Boston College - Virginia Tech Preview

#11 Boston College and #3 Virginia Tech will take the national stage this Thursday night in Blacksburg, Virginia. The game will be televised on ESPN beginning at 7:45 pm. Needless to say, this will be a huge game for both teams. The Hokies (7-0) need to win to keep their National Championship hopes alive. With an upset victory, the Eagles (6-1) would remain in contention for the ACC Atlantic title and a BCS bowl slot. Caesar’s Palace has established Virginia Tech as a 13 point favorite. Here is a preview:

When BC Passes

The Hokies rank second in the country in pass defense with opponents averaging only 137 yards per game through the air. Virginia Tech’s success in this area results from a deadly combination of outstanding coverage in the secondary and a relentless pass rush. VA Tech’s experienced secondary is anchored by senior cornerback Jimmy Williams, an All-ACC first team selection a year ago. Williams has 26 tackles and 4 passes broken up. Junior rover Aaron Rouse is fourth on the team with 28 tackles and has 2 interceptions and 3 passes broken up. The pass rush starts with senior defensive end Darryl Tapp, another 2004 All-ACC first team selection, who has 3 sacks and 18 quarterback hurries this season. Another senior, defensive tackle Jonathan Lewis, has registered 4 sacks and 11 quarterback hurries. The Virginia Tech defense has a total of 22 sacks this season. BC has only surrendered only five.

The part of Virginia Tech’s game that scares most BC fans is special teams but I am much more concerned with this matchup. BC quarterbacks have done an excellent job delivering the ball when they are given time to throw. However, when faced with a tough pass rush they have had the tendency to throw into heavy coverage. Wake Forest intercepted Quinton Porter three times and it could have easily been six or seven. The BC quarterbacks need to keep in mind that taking a sack or throwing the ball away is much preferable to an interception. BC can have success in this area if they can execute quick timing patterns. Chris Miller could play a huge role in this game and I'd like to see a lot more of Tony Gonzalez.
Advantage: Virginia Tech

When BC runs

Virginia Tech has been quite stingy against the run as well as the pass. Hokie opponents have averaged just 3.1 yards per rush this season which is a yard below the BC offensive season average of 4.1 per carry. Three linebackers lead the Hokies in tackles: sophomore inside linebackers Vince Hall (63 tackles, 2.5 tackles for loss) and Xavier Adibi (39 tackles, 4 tackles for loss), and outside linebacker James Anderson (53 tackles, 5 tackles for loss).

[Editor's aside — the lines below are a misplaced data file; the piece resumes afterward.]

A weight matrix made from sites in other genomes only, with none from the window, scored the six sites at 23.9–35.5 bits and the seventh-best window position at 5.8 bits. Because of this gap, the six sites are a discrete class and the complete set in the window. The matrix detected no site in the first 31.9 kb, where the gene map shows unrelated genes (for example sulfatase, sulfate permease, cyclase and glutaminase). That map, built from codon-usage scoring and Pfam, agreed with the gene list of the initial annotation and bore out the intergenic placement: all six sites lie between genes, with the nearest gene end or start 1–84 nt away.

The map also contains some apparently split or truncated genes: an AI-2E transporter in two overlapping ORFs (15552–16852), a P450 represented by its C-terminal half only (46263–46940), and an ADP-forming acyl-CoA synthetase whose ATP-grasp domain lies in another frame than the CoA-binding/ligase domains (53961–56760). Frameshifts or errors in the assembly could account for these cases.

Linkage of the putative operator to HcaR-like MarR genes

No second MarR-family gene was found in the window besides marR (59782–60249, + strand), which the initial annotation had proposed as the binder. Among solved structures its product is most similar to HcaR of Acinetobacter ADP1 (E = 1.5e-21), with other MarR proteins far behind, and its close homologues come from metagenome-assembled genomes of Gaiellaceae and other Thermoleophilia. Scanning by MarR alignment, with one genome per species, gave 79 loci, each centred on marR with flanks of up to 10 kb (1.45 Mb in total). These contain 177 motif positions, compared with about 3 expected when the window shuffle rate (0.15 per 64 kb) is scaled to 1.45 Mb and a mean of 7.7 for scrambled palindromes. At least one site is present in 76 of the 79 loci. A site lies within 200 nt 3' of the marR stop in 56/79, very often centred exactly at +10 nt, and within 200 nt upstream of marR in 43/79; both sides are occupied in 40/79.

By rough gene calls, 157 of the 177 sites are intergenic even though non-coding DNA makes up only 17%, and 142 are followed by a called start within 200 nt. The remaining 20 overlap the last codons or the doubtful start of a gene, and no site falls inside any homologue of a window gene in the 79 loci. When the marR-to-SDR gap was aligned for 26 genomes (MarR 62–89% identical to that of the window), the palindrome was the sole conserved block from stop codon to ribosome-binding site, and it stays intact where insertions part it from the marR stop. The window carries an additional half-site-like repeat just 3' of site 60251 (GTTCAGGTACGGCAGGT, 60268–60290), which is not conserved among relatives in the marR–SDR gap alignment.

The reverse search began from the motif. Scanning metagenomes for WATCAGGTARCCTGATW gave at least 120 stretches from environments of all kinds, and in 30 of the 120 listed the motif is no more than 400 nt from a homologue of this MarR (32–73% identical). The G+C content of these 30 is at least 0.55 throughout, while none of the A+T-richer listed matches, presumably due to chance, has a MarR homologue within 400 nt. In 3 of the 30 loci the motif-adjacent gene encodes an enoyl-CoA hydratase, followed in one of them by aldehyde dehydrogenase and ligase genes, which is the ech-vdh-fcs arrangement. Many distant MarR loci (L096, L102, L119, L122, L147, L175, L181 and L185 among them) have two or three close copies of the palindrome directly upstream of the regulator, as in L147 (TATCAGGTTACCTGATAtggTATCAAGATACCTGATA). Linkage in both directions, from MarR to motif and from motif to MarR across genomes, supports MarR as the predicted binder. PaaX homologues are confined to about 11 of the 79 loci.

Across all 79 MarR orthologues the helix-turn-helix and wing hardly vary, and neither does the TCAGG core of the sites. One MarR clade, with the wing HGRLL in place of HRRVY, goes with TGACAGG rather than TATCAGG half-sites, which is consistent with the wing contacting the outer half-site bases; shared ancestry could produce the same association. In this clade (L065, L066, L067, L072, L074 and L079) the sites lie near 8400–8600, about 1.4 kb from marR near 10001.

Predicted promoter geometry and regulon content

If BC wins on Thursday, it will likely be the running game that makes the difference. If BC is unsuccessful running the ball or if they fall behind early and are forced to abandon the run entirely, Virginia Tech will be able to drop their excellent defensive backs into deep coverage and unleash their ferocious pass rush play after play. This would be a disaster for the Eagles. On the other hand, if BC can grind out yards and first downs, Tech will be forced to concentrate more on the run and play closer to the line of scrimmage. This would give BC a chance to throw down field and would make play action more effective.
Advantage: Virginia Tech

When Virginia Tech passes

Junior Marcus Vick had a rough second half throwing the ball against Maryland last week. Vick was 14 of 23 for 211 yards but threw three interceptions in the second half. For the season, Vick has completed 67% of his passes for 1,254 yards, 10 touchdowns and 5 interceptions. Vick’s favorite target is junior deep threat David Clowney who has caught 19 passes for 375 yards this season (19.7 yards per catch). He also has three TD receptions. 6’5” senior tight end Jeff King (16 receptions, 199 yards) and 5’10” sophomore receiver Eddie Royal (16 receptions, 197 yards) will join Clowney in the starting lineup.

Tom O’Brien and the rest of the staff have undoubtedly reviewed the tape of the Maryland game to see what the Terps did to force three Vick interceptions in the second half. Vick will be much more destructive with his legs than his arm so BC needs to figure out a way to keep him in the pocket as much as possible. If Vick is forced to throw from the pocket, the Eagles will be successful. If he is able to move out of the pocket, he will not only be a threat to run for big yardage but he will also be more dangerous from a passing standpoint. The Eagle defense did a decent good job keeping Virginia’s Marques Hagans and Wake’s Cory Randolph from running so I am cautiously optimistic that they will do the same with Vick. The return of Jazzmen Williams and DeJuan Tribble to the lineup will make this task that much easier, but the real key to this matchup is Mathias Kiwanuka. Will he play and if he does, how effective will he be on a gimpy knee and ankle?
Advantage: Boston College

When Virginia Tech runs

Senior tailback Cedric Humes (340 yards, 4.2 yards per carry) is expected to return to the Hokies this week after missing two games with a fractured right arm. In Humes’s absence, 5’7” senior Mike Imoh (325 yards, 4.2 ypc) filled in admirably. Redshirt freshman Branden Ore (300 yards, 5.9 ypc) may also get some carries on Thursday, depending on how much the coaching staff allows Humes to play. Vick also has 267 yards rushing, half of which came against Maryland last week. Virginia Tech’s offensive line averages 6’3” and 294 pounds. This is the second smallest offensive line in the conference (Wake Forest is the smallest).